Document Detail


Cutting boards in Salmonella cross-contamination.
MedLine Citation:
PMID:  16640304     Owner:  NLM     Status:  MEDLINE    
Abstract/OtherAbstract:
Cutting boards are commonly perceived as important fomites in cross-contamination of foods with agents such as Salmonella spp., despite the lack of supporting epidemiological data. A variety of woods and plastics have been used to make work surfaces for cutting. In general, wood is said to dull knives less than plastic, and plastic is seen as less porous than wood. Research to model the hypothetical cross-contamination has been done in a variety of ways and has yielded a variety of results. At least some of the work with knife-scarred plastic indicates that the surface is very difficult to clean and disinfect, although this may vary among the polymers used. High-density polyethylene, which is most used in commercial applications, has been shown to delaminate in response to knife scarring. Wood is intrinsically porous, which allows food juices and bacteria to enter the body of the wood unless a highly hydrophobic residue covers the surface. The moisture is drawn in by capillary action until there is no more free fluid on the surface, at which point immigration ceases. Bacteria in the wood pores are not killed instantly, but neither do they return to the surface. Destructive sampling reveals infectious bacteria for hours, but resurrection of these bacteria via knife edges has not been demonstrated. Small plastic cutting boards can be cleaned in a dishwasher (as can some specially treated wooden boards), but the dishwasher may distribute the bacteria onto other food-contact surfaces. Most small wooden boards (i.e., those with no metal joiners in them) can be sterilized in a microwave oven, but this should be unnecessary if accumulation of food residues is prevented. However, 2 epidemiological studies seem to show that cutting board cleaning habits have little influence on the incidence of sporadic salmonellosis. Further, one of these studies indicated that use of plastic cutting boards in home kitchens is hazardous, whereas use of wooden cutting boards is not.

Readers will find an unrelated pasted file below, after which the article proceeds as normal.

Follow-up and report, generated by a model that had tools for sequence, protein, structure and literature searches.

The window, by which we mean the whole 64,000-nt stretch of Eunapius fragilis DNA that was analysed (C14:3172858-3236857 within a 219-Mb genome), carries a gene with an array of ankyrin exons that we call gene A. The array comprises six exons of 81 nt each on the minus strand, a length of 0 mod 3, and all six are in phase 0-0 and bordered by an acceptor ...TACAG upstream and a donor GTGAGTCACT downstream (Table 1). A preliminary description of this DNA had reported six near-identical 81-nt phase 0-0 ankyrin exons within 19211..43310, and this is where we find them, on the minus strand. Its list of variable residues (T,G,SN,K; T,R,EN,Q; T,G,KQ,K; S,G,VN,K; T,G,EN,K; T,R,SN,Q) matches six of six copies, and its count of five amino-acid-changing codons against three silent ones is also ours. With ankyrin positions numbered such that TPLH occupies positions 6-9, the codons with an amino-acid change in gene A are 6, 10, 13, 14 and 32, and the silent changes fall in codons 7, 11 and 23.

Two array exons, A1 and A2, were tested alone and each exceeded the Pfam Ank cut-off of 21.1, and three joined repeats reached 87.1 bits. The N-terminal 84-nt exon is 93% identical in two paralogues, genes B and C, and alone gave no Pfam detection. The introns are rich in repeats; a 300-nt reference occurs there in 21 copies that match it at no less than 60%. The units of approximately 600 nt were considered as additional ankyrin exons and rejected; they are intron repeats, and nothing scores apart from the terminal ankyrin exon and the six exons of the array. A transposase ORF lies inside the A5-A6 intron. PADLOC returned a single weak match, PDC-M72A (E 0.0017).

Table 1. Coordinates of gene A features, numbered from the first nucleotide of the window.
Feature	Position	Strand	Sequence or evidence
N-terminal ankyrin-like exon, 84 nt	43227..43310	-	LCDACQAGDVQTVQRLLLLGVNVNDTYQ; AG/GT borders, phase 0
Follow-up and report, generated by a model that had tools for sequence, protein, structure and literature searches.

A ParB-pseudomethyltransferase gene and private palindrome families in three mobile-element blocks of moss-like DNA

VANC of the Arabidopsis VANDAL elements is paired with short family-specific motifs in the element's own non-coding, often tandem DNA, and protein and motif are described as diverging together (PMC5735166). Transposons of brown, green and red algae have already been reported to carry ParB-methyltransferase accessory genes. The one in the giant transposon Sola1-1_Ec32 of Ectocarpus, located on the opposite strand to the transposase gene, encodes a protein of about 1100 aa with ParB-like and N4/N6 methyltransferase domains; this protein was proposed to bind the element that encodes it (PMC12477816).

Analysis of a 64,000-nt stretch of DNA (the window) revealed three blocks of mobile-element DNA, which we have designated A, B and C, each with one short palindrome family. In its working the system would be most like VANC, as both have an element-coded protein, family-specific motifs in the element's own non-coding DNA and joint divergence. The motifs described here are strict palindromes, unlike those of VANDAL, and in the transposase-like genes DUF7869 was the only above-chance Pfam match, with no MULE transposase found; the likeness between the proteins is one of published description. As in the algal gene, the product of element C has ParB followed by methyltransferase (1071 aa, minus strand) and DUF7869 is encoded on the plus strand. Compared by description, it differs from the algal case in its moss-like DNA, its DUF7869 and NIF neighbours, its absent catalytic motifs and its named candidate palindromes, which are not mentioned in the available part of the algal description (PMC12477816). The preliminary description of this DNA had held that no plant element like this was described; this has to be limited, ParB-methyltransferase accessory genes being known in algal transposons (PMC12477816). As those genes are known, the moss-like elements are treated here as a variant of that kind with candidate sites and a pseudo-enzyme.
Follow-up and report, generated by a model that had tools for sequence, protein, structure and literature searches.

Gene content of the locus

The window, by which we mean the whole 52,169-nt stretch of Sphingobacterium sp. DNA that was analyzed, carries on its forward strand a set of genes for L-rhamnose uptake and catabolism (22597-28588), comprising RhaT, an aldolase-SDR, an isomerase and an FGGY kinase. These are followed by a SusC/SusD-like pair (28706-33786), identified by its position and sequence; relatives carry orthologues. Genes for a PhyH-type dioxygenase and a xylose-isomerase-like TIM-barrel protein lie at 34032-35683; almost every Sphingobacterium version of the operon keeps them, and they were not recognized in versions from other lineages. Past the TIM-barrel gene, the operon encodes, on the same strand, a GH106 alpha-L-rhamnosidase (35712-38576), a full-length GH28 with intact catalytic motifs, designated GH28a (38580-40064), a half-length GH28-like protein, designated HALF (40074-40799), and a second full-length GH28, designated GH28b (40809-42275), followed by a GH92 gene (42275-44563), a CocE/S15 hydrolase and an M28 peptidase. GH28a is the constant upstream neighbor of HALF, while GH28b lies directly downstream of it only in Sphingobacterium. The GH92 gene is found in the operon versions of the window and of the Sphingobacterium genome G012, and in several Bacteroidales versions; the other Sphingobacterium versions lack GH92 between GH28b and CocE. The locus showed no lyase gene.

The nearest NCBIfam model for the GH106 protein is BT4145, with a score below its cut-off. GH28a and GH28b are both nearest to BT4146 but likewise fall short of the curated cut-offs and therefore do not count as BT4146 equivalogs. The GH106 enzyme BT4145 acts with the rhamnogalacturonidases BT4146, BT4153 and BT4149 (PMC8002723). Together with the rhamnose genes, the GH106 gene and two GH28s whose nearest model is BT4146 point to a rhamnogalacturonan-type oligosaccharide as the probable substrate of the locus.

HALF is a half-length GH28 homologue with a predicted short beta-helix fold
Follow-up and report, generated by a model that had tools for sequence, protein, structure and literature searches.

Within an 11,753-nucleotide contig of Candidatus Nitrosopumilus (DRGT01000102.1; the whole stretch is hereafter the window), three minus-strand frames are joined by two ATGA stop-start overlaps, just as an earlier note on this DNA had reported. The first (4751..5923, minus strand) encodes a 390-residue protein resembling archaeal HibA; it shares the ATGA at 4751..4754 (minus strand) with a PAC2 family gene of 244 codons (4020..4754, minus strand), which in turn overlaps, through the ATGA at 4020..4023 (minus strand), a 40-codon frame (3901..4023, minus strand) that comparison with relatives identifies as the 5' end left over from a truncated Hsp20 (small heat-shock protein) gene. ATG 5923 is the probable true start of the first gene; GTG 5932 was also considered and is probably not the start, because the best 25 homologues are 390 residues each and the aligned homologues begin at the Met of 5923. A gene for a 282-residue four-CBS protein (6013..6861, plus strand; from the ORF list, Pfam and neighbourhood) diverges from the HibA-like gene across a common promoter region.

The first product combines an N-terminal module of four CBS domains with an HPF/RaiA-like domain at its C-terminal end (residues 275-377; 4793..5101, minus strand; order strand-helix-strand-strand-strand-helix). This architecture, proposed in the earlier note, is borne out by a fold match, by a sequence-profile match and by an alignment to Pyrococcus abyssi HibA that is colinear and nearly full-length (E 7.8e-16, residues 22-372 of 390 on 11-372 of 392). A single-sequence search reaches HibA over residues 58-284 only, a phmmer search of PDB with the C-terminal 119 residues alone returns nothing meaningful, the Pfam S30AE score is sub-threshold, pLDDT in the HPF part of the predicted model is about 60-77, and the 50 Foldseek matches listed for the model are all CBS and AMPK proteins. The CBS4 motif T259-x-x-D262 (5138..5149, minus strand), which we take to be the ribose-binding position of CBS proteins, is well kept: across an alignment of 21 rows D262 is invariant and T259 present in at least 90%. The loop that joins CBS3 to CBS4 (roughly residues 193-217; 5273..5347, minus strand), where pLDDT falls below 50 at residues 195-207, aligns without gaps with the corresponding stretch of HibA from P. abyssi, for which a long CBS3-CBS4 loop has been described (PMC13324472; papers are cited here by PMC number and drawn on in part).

Authors:
Dean O Cliver
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Publication Detail:
Type:  Journal Article; Review    
Journal Detail:
Title:  Journal of AOAC International     Volume:  89     ISSN:  1060-3271     ISO Abbreviation:  J AOAC Int     Publication Date:    2006 Mar-Apr
Date Detail:
Created Date:  2006-04-27     Completed Date:  2006-05-23     Revised Date:  2008-03-17    
Medline Journal Info:
Nlm Unique ID:  9215446     Medline TA:  J AOAC Int     Country:  United States    
Other Details:
Languages:  eng     Pagination:  538-42     Citation Subset:  IM    
Affiliation:
University of California, School of Veterinary Medicine, Department of Population Health and Reproduction, Davis, CA 95616-8743, USA. docliver@ucdavis.edu
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MeSH Terms
Descriptor/Qualifier:
Animals
Disinfection
Food Contamination / analysis*,  prevention & control
Food Handling
Food Microbiology
Humans
Meat / microbiology
Public Health
Salmonella / chemistry*
Salmonella Food Poisoning / microbiology,  prevention & control*

From MEDLINE®/PubMed®, a database of the U.S. National Library of Medicine


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